Anal cancer begins when healthy cells in or on the anus change and grow out of control, forming a mass called a tumor. Squamous (SKWAY-mus) cell carcinoma is the most common type of anal cancer diagnosed in the United States. It begins in the squamous cells lining most of the anal canal and the anal margin. Squamous cell carcinomas in the anal canal have grown beyond the surface and into the deeper layers of the lining.
Cloacogenic (kloh-A-koh-jenik) carcinoma (also called basaloid or transitional cell carcinoma) arises between the outer part of the anus and the lower part of the rectum. It likely starts from cells that are similar to squamous cell cancer.
Other types of anal cancer include adenocarcinomas, basal cell carcinomas, melanomas and gastrointestinal stromal tumors (GISTs).
To better understand your diagnosis, it may help to know more about the anus and surrounding areas. The anus is the opening at the end of the large intestine, below the rectum, where bowel movements leave the body. It is formed partly from the outer skin layers of the body and partly from the intestine. Two ring-like muscles, called sphincter muscles, open and close the anal opening. These muscles contain stool until it is released during a bowel movement. The anal opening is connected to the rectum by the anal canal, which is about 1-1/2 inches long and extends from the rectum to the anal verge. This is where the canal connects to the outside skin at the anus called the perianal area.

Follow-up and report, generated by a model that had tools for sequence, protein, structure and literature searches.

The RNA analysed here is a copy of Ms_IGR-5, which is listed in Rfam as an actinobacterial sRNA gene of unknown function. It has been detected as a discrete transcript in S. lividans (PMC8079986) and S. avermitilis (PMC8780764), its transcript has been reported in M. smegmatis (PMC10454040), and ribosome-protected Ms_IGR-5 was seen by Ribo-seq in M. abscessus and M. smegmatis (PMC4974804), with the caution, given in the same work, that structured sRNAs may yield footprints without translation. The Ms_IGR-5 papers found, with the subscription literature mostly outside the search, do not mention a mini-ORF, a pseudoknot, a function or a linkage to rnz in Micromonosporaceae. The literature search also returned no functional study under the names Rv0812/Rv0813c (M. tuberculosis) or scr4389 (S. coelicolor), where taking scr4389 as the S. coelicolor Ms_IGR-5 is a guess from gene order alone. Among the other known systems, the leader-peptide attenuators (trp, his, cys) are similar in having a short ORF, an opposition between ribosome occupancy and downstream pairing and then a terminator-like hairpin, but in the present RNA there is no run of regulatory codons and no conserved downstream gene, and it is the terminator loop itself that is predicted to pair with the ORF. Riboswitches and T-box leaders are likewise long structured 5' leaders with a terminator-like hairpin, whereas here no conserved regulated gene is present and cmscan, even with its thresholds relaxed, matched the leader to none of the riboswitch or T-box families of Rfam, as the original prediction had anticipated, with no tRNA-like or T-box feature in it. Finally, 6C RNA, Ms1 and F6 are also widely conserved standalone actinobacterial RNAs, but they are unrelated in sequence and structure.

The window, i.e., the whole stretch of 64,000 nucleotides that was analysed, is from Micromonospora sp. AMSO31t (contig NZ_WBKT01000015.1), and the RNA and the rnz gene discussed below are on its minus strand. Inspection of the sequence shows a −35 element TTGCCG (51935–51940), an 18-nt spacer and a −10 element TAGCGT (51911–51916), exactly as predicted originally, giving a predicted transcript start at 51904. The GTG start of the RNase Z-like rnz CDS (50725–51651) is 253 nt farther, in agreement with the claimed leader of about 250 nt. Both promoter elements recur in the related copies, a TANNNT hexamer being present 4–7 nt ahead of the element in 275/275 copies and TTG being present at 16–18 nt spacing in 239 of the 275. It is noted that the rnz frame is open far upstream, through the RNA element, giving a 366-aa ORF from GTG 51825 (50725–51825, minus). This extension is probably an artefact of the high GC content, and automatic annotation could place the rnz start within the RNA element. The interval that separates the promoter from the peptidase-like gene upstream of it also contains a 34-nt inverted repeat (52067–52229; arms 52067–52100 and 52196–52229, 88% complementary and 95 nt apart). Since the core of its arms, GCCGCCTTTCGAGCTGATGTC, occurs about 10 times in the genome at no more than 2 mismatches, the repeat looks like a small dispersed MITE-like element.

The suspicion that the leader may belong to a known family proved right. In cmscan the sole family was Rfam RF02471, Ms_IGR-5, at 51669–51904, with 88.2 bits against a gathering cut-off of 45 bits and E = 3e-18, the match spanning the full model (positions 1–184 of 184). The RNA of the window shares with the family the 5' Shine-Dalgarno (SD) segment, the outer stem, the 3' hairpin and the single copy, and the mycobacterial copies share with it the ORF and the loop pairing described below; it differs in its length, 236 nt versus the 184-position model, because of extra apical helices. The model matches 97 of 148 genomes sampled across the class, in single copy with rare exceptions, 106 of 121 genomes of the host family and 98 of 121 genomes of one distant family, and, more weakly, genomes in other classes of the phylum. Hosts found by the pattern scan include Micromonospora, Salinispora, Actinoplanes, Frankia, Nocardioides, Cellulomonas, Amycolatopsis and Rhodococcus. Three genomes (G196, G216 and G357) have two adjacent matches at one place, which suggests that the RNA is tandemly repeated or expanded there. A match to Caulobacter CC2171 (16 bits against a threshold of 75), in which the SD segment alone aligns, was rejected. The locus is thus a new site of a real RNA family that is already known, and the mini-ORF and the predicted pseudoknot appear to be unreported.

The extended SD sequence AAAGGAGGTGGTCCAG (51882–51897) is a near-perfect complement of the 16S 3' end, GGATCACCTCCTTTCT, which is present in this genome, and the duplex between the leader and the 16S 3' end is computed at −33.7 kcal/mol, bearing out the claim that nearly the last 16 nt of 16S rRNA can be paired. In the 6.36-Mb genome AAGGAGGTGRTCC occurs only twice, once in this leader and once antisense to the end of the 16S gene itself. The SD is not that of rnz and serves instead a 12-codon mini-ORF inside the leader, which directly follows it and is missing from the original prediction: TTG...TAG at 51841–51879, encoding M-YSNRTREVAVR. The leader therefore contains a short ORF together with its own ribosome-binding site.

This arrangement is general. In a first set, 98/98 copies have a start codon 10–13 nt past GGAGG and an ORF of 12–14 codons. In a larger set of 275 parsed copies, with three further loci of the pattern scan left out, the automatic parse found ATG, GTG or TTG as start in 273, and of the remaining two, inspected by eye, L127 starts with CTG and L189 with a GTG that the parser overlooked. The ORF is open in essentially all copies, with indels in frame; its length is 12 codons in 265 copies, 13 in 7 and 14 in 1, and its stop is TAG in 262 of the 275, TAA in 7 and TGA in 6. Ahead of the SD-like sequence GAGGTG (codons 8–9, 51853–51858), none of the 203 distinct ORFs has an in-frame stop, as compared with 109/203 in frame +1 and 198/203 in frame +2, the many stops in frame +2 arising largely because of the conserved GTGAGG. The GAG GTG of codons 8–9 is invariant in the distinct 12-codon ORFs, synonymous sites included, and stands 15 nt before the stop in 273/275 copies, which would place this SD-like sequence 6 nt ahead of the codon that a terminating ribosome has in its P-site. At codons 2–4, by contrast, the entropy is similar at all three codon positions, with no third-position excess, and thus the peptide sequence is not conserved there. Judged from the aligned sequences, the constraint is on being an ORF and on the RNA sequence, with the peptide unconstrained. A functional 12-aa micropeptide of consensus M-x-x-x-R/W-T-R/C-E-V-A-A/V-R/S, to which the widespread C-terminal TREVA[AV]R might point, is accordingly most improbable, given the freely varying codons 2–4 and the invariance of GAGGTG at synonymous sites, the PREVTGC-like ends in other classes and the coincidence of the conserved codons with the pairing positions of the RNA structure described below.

Anal cancer is rare, making it important to find a physician with experience treating it. You’re encouraged to seek a second opinion with an expert as well as the support of others whose lives are affected by this diagnosis.
Support for Anal Cancer Thrivers
Due to its rarity and the stigma associated with the disease, people with anal cancer traditionally haven’t had access to many resources. The Anal Cancer Foundation, a non-profit organization founded in 2010, strives to remedy that by offering hope and help to people diagnosed with anal cancer and their loved ones. Members of the foundation know the value of talking with someone who understands what you’re going through, so along with providing educational information about anal cancer, treatments and side effect management, they are proud to offer a Peer-to-Peer Support Program. The program, a free service provided by the Anal Cancer Foundation, matches anal cancer thrivers and their caregivers with volunteers who are thrivers or caregivers. To learn more about this program or to be matched with a peer, visit www.analcancerfoundation.org